Christ Church Cathedral: Read more, opening times, admission prices & map…

St. Patrick's Cathedral Exterior

St Patrick’s Cathedral –  This is Ireland’s largest church and the Protestant Church of Ireland’s national cathedral.  It was founded right next to a well where St Patrick baptised converts around 450AD. Most of the church was constructed in the 1200s but was totally restored in the 1860s. Inside you’ll find memorials in the shape of busts and brass plaques.  It’s an attractive church, inside and out and well worth a quick visit. You’ll find St Patrick’s cathedral next to St Patrick’s Park.
St Patrick’s Cathedral: Read more, opening times, admission prices & map…

Dublin Jameson Distillery Bow Street

Jameson Distillery Bow Street – If you’re a fan of Irish Whiskey, you’ll enjoy this exhibition located in a restored building that was part of the Jameson distillery. Whiskey was produced here from 1780 to 1971 and the exhibition takes you through the history of the site and the legacy of the brand along with other Irish brands. You hear about the difference between Scotch Whisky and Irish Whiskey too (apart from the missing letter that is). After your tour you can do a comparison taste in the bar. The Jameson Distillery is on Bow Street in the Smithfield area of Dublin.
Jameson Distillery: Read more, Full Review, Opening Times & Map…
Jameson Distillery: Advanced Tickets…

Dublin National Gallery interior

National Gallery – As you’d expect, you’ll find the best works that Ireland has to offer inside the National Gallery. The building was puropse built in 1864 and the exhibits inside have been built up since then. The main entrance is on Clare Street and there are many significant paintings to look out for. To be honest, the gallery is vast and you could spend the best part of a day in here. Even if you don’t have lots of time though, it’s worth a quick visit to escape the hustle and bustle of the city centre, especially as admission is free.
National Gallery: Read more, opening times, pics & map…


Kilmainham Gaol interior - prison cells

Kilmainham Gaol – This former prison is another legacy of British rule in Ireland with a gruesome past, but it’s also a prison interior you are likely to recognise because it’s been used in many movies and TV Shows. It was originally built in 1789, but was restored in the 1960s and the main cell block is just as you’d imagine a Victorian prison to look. We got a real sense of how this place was a symbol of the struggle against British rule and the fight for Irish independence. The most notable movies to be filmed here include The Italian Job and In The Name of The Father. The gaol is slightly outside the city centre on Inchicore Road in Kilmainham. We used the Dublin Hop-on, Hop-off Bus Tour to get here.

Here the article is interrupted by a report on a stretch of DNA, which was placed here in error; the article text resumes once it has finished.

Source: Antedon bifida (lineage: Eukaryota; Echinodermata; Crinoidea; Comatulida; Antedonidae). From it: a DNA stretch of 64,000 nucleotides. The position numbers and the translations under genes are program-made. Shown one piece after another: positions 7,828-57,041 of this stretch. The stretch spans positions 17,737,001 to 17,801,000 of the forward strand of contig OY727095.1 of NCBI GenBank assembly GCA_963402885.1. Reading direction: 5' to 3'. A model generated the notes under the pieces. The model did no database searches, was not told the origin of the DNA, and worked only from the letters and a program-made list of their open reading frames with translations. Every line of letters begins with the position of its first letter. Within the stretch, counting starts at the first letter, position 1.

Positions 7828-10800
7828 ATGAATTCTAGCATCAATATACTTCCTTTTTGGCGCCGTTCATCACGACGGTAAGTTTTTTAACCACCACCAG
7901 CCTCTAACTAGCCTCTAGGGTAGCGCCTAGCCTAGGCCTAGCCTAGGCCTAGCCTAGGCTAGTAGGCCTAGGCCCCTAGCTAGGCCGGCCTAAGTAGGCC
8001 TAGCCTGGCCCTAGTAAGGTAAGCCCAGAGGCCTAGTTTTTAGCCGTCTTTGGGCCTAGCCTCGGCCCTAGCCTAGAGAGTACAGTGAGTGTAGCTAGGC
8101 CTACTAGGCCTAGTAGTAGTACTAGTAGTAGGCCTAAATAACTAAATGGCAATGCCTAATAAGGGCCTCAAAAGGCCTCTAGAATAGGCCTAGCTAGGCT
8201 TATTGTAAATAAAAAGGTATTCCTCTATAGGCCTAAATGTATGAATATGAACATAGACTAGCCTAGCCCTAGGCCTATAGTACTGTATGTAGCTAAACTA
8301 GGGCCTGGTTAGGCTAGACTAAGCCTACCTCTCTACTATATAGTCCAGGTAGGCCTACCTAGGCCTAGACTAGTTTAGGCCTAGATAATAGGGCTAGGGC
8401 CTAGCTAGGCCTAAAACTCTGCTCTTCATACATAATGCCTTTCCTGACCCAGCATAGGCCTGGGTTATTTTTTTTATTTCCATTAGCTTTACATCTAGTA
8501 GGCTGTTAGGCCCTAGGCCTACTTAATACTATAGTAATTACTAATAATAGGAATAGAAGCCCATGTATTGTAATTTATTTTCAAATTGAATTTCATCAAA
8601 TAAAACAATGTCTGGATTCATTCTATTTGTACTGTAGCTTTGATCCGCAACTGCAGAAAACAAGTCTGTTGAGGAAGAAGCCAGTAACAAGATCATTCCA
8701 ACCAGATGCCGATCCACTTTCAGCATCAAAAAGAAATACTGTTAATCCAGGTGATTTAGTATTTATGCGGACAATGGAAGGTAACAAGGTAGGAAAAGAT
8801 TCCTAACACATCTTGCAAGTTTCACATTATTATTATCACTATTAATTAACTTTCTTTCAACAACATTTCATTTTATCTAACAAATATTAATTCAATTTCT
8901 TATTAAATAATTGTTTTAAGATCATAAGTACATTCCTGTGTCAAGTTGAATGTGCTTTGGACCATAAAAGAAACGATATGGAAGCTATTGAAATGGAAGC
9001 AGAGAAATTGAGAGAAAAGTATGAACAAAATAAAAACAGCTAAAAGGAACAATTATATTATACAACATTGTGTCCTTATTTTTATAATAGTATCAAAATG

Kilmainham Gaol: Read more, opening times, tour prices and map…
Kilmainham Gaol: Easy Access Guided Tour…



Bewley's Dublin Room

We stayed in Ballsbridge on our visit to Dublin and although it’s a pleasant area with decent hotels (we stayed at Bewleys which is pictured above), it’s a long walk into Dublin centre. We walked sometimes, but used the regular Dublin bus services to get into the city centre on most occasions.  Next time we go, we’re planning to stay at Morrison which we’ve heard great things about!  Wherever you choose to stay, we recommend you check the best rates at Hotels.com because of their price match guarantee.


The city centre of Dublin is fairly compact and you can easily walk to all the central sights.  However, for attractions like the Guiness Storehouse and Kilmainham Gaol you will need to use public transport.  We found Dublin’s busses to be simple and reliable, but we also used the Dublin Hop-on Hop-off Bus Tour as a way to get around as this stops at all the major sights.

We used the Airlink Express bus service to get to Dublin city centre from the airport.  Busses run very regularly from early morning until late at night and tickets are purchased on board.  A cheaper alternative is the no 41 city bus which also runs to the city centre. If you’d prefer a shared or private transfer, we’ve found reasonable prices here:
Dublin Airport Transfer Options (Prices in US Dollars)
Dublin Airport Transfer Options (Prices in UK Pounds)


Dublin Pass – Free and discounted entry to Dublin’s attractions
More Things To Do In Dublin – See all options and choose your currency
Dublin Hop-on Hop-off Bus Tour – Stops at all the major sights
Hotels in Dublin – Best price guarantee from Hotels.com
Visit Dublin – Official Tourism Website
Dublin Guide Books – Amazon.com (US & Canada)
Dublin Guide Books – Amazon.co.uk (UK)